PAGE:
Results from Ireland's network of offshore weather buoys confirm the computer-generated wave forecasts by the Marine Institute and Met Eireann last week for waves of up to 14 metres (45 feet) along the west coast of Ireland.

As of Saturday, weather buoy M6 - situated in deep water off the west of Ireland - was recording waves of 13.2 metres height. Weather buoy M3 - off the south west coast - recorded wave heights of 10.2 metres.

It is likely that wave heights inshore will be reduced, but could still be in the eight to nine metre range, which offers dangerous conditions for those walking or fishing near the shoreline.

Real time information from all six buoys in the Irish Marine Weather Buoy Network can be accessed online by following the "Publications and Data" tag above or by clicking here.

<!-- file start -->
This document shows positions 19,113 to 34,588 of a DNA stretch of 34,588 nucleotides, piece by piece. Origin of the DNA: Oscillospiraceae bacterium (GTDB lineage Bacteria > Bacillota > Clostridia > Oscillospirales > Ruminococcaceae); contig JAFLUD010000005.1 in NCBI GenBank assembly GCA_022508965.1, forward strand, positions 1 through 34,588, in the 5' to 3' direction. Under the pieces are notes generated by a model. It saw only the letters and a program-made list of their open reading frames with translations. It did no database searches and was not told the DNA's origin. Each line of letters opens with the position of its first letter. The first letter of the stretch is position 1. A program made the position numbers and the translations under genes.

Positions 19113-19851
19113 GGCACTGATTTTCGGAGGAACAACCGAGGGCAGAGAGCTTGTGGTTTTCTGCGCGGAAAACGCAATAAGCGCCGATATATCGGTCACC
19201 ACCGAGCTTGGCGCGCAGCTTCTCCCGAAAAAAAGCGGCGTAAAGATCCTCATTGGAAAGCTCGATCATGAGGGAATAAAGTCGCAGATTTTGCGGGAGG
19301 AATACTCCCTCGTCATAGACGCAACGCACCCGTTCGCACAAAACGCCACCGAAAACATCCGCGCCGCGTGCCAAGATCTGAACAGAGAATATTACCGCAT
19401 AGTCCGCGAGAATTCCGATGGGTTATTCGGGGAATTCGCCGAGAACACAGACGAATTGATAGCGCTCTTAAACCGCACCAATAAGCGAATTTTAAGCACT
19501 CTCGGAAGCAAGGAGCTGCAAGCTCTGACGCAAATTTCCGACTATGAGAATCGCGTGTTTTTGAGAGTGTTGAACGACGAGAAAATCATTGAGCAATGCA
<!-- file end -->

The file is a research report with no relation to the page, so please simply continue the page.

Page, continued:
The daily computer generated forecast can also be accessed online here.

The waves are being caused by a very low pressure area of weather in the Atlantic to the north of Ireland. Previously, the biggest waves recorded by the Marine Institute's data buoys were at the M1 Buoy to the west of Galway Bay on January 17, 2005, when waves of 13.4 m were recorded. Similar conditions appeared to be developing this weekend in line with predictions made earlier in the week.

The Marine Institute stresses that, while it is unlikely that the waves will cause severe flooding or structural damage onshore, the main danger is to small boats, anglers and those venturing too close to the sea at this time.